Like we’ve mentioned in previous weeks, the holiday season is typically seen as a time to count our blessings and practice gratitude. And Thanksgiving is especially linked with gratitude—the holiday is literally named “thanks-giving.”

Most of us know the importance of gratitude and you might even be thinking, “Yeah, yeah, I know this already…” Perhaps you practice gratitude daily or you share what you are thankful for at the Thanksgiving dinner table.

Yet for many of us, gratitude is an intellectual experience rather than a felt and embodied experience. We think about all the things we are grateful for, listing them out either verbally or on paper. Yet many of us (including myself) rarely let ourselves feel the emotions and physical sensations of gratitude. When gratitude stays in our head and remains an intellectual experience, we don’t get to soak up all the amazing benefits of gratitude. In fact, listing the things we are grateful for can even feel monotonous or tedious at times.

So what can we do? How do we bring gratitude from our head down into our heart and body?


The first way most of us stay in our heads is just by listing a ton of general things we are thankful for at once like the following:
I’m grateful for my home, coffee, my partner, my friends, my family, my cat, and for my job as a COR facilitator. 

When we list things out generally, either in our heads or on paper, we don’t actually get to feel it in our hearts or bodies. Even as you read the list above, it probably sounded a bit monotonous.

Instead, it’s much more effective when we go into detail about what we are grateful for and why.

Research shows that when you share the specifics about what you are grateful for and go into detail, like listing 5 sentences about one thing, you feel much more gratitude and elation than when you list 5 general things. The key is in the details.

For example, see how your own body and heart feels after reading this gratitude list:
I am grateful for coffee. I am grateful for how coffee warms my hands and my body up on a cold morning. I am thankful for the deep, rich taste of black coffee and it’s spicy, cocoa aroma. I’m grateful for the energy and invigoration I feel after sipping a cup of coffee. And I’m thankful how coffee can immediately make me feel more relaxed and at ease the moment I take my first sip on the couch.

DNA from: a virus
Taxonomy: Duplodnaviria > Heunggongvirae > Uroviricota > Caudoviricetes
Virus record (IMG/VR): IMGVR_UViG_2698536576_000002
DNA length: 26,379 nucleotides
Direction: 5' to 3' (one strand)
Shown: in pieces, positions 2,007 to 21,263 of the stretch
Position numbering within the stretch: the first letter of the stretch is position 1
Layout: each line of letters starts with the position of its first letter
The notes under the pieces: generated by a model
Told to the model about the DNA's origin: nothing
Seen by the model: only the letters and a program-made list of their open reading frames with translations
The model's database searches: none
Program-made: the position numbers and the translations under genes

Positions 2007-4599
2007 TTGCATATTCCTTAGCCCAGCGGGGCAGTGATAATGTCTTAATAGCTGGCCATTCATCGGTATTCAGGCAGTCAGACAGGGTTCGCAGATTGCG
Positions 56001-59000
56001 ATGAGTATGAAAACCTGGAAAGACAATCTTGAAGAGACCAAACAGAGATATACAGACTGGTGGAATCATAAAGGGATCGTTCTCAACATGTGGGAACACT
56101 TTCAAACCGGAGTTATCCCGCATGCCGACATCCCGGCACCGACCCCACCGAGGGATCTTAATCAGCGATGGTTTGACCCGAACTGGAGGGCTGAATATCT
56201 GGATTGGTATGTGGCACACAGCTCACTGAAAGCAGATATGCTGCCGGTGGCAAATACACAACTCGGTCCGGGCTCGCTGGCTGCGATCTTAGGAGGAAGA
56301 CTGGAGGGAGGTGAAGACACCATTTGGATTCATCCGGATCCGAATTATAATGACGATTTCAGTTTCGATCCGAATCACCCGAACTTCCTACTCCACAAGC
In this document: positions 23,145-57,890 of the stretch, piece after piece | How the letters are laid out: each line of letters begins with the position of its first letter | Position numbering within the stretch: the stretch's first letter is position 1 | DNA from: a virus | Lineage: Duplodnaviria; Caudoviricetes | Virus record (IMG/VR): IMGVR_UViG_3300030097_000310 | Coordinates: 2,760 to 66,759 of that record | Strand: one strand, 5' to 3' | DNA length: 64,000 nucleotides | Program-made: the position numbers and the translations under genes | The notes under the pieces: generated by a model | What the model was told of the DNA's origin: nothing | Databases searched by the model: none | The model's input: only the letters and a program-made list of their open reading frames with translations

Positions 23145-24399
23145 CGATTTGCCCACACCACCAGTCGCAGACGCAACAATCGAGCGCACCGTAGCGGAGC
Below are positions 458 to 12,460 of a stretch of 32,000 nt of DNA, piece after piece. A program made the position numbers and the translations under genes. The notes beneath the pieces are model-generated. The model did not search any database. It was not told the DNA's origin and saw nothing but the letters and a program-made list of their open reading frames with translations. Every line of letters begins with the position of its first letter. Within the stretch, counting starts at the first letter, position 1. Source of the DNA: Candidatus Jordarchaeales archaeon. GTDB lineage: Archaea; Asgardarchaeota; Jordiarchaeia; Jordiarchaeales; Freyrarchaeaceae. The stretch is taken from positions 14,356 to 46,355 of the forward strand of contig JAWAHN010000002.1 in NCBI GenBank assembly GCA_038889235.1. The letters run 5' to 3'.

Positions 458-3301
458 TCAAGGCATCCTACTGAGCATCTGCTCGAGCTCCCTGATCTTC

When we list out the details and specifics about what we are grateful for, especially sensory details and how something makes us feel emotionally, we drop gratitude from our heads and into our hearts and bodies. 

An added bonus: During and after you either share or journal about what you are grateful for, sense into your body and your heart, noticing how you feel physically and emotionally. Perhaps you notice a feeling of peace or joy begin to fill your heart. Or maybe you notice your chest feels more open, your stomach less tight and more at ease. 

So my invitation for you this Thanksgiving:

1. Share or journal about at least one thing you are grateful for and share the details. 
For everything you say you are thankful for, share 5 reasons why you are grateful for it. For example, share how it makes you feel emotionally. Share the specifics of why you are grateful for it. What need does this thing fulfill in you that you are grateful for? Safety? Trust? Acceptance? Understanding? And share the physical sensations you are grateful for. 

2. Let yourself feel it
Take a moment after you share or journal to close your eyes and begin to sense into your heart. How do you feel emotionally at the moment? And then sense into your physical body. How does your body feel after you’ve shared?

So much love to you, our COR community, this holiday season. We’d love to know: what is one thing you are grateful for and why? Make sure to share it on our Facebook page in lots of detail! We’d love to help foster a community of gratitude and share in the holiday spirit with you. 

Grateful for you love, support, and courageous hearts,